Buried Credits, a column that deep dives into the IMDB pages of favorite actors, directors, and writers to find their lost, forgotten, or unknown film and TV credits, continues this week with works featuring Tessa Thompson.

    Points of Origin (2014)

    Written and Directed by Anya Leta


    After trying unsuccessfully to get pregnant, RJ (Ankur Vikal) and Rosemary (Thompson) travel to India to pay for a surrogate, Anjali (Auroshikha Dey), to carry their child. RJ is a radio talk show host and the debate over international surrogacy is the focus of his latest series. A call-in viewer adds RJ’s personal life to the discussion but, as we see in his scenes at the hospital with his wife, the debate is no stranger there. The difference is RJ and Rosemary don’t talk. Communication is central to any debate—and this short film—but while RJ keeps the lines of communication open on his show, with his wife he’s been shutting her out ever since they arrived in India, using the language barrier unfairly to keep her at arm’s length.

    Points of Origin takes a neutral stance on international surrogacy. It points out the cruelty of people throwing fault at Rosemary, implying that she’s vain and doesn’t want to be pregnant when that couldn’t be less true. It also doesn’t look past the fact that surrogacy is cheaper in India and that this isn’t something Anjali is entirely comfortable with. She’s happy for the couple but money to support her children, and possibly pressure from her husband, who never shows, is behind her decision to agree to the procedure.

    What Points of Origin is less neutral about is relationships. In the scene where the couple meet Anjali for the first time you can’t take your eyes off of Thompson. RJ grew up in India and when Anjali realizes he can speak the language her face brightens up at their common background. RJ brightens too. In America he’s Indian but in India he’s American and this conflict in identity, along with guilt over the operation, has been nagging at him. To have Anjali refer to him as ‘brother’ means the world.

    For his wife, who can’t understand what is being said, this conversation is very different. RJ ignores her occasional requests to translate, so that all she can do is smile too big and it’s the most uncomfortable position to be reduced to. Because RJ feels somewhat out of place in the country where he grew up, he seems to take it out on Rosemary, by making her feel like the bigger outsider. The frustration she tries to hide, because Anjali is offering to have their child and she doesn’t want to make a bad impression, or play into images of American privilege, is affecting because Rosemary’s trying. Maybe she doesn’t understand completely what’s going on but she comes across as willing to listen. She asks questions but everyone keeps brushing her off and judging her, without offering aid or correction.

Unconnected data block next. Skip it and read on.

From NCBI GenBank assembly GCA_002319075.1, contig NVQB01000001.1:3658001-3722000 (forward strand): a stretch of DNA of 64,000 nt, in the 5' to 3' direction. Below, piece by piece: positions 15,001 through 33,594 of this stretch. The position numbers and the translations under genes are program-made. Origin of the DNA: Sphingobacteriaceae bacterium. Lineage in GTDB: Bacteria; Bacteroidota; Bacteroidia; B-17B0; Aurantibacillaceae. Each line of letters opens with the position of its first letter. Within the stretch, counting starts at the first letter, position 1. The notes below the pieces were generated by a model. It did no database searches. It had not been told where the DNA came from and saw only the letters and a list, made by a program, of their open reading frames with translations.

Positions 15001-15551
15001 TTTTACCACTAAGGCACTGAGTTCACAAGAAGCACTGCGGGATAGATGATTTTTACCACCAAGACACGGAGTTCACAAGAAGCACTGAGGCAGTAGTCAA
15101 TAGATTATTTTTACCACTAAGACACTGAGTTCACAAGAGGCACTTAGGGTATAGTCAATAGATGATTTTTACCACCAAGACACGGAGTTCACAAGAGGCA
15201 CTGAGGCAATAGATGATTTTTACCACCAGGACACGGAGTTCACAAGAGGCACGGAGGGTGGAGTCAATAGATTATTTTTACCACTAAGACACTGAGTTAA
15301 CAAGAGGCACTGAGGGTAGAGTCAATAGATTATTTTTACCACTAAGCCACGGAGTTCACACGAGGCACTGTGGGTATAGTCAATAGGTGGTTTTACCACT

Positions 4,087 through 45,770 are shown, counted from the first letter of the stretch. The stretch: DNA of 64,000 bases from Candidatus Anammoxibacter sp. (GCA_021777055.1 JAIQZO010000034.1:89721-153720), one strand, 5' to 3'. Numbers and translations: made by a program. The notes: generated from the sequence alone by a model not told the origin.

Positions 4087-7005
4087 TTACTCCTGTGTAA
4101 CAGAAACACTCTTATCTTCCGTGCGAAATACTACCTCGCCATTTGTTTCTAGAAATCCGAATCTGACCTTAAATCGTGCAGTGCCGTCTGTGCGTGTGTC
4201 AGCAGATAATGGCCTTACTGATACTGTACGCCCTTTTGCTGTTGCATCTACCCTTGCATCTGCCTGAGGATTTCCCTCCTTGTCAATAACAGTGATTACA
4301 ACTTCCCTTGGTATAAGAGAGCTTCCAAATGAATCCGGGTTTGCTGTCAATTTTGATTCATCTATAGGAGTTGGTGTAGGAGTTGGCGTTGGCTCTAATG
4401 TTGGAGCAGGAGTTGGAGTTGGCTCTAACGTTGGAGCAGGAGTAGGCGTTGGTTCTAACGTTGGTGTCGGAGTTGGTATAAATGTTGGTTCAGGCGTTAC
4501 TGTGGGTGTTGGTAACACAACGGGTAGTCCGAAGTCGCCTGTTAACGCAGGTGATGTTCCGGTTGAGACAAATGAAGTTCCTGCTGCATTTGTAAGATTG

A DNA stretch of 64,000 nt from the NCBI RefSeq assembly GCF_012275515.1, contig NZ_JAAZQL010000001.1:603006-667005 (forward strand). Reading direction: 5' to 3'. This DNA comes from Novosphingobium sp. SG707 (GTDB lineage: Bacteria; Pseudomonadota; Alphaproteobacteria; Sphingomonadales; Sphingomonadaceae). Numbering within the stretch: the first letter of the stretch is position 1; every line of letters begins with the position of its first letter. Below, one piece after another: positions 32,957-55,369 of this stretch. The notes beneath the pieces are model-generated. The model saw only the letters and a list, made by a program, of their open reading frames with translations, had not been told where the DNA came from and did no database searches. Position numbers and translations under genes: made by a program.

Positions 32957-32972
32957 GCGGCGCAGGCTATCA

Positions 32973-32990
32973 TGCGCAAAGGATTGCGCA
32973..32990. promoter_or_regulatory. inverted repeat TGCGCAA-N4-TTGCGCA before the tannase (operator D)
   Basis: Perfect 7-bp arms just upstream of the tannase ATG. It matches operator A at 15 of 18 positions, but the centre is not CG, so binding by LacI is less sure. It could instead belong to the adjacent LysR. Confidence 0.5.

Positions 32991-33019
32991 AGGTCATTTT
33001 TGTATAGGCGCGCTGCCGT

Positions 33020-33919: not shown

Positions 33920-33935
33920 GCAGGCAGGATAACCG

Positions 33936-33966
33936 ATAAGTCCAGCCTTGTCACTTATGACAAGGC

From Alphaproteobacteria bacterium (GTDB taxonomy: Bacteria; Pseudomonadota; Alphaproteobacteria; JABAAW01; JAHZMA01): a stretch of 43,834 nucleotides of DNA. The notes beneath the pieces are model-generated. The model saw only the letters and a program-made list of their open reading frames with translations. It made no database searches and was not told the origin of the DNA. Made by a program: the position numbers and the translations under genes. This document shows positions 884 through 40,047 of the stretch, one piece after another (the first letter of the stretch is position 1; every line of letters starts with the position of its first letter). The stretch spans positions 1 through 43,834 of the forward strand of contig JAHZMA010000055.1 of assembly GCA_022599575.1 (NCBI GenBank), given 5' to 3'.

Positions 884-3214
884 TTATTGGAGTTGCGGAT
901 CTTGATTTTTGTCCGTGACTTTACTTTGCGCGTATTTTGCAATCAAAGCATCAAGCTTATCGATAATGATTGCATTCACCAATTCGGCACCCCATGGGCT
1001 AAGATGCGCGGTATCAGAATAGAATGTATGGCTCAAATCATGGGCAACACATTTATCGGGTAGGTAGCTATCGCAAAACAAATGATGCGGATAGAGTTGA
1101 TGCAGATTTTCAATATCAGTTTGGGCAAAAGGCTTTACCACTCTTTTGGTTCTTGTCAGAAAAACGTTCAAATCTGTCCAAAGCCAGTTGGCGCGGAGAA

The situation is awkward. When Rosemary passes Anjali in the hall at one point, with a brief nod and smile, that’s awkward. It’s the universal feeling by everyone involved. When the camera cuts between matching shots of Rosemary and Anjali in their blue gowns for the operation, it reminds us that while their experiences are different they’re also connected.

    Is what they’re doing to have a child ‘wrong’ or is how people treat what they’re doing getting into their heads? Or is it like RJ says, on his talk show, that it’s wrong on some level?

    Verdict: Buried Treasure

    RJ gets both last lines in this short, but seems oblivious to the fact that he may have said the last thing either Rosemary or Anjali wanted to hear in their respective conversations. Points of Origin makes you think, while Tessa Thompson makes you sink into her character’s perspective. Having a child is supposed to one of the happiest times in your life. Instead, everything’s become a question.

    Points of Origin is available to watch for free on the web-site, Short of the Week.

    Check back tomorrow, and be ready to dance, for Tessa Thompson’s next performance. 

    Rachel Bellwoar
    Fueled by Coca Cola ICEEs, Rachel Bellwoar collects TV seasons, reads comics, and tries to put her enthusiasm into words. She also shares the same initials (and first name) as Emmy winner, Rachel Bloom. If that brings her one step closer to being a triceratops in a ballet (please watch Crazy Ex-Girlfriend), she'll take it. Contact: rachel.bellwoar@thatsnotcurrent.com

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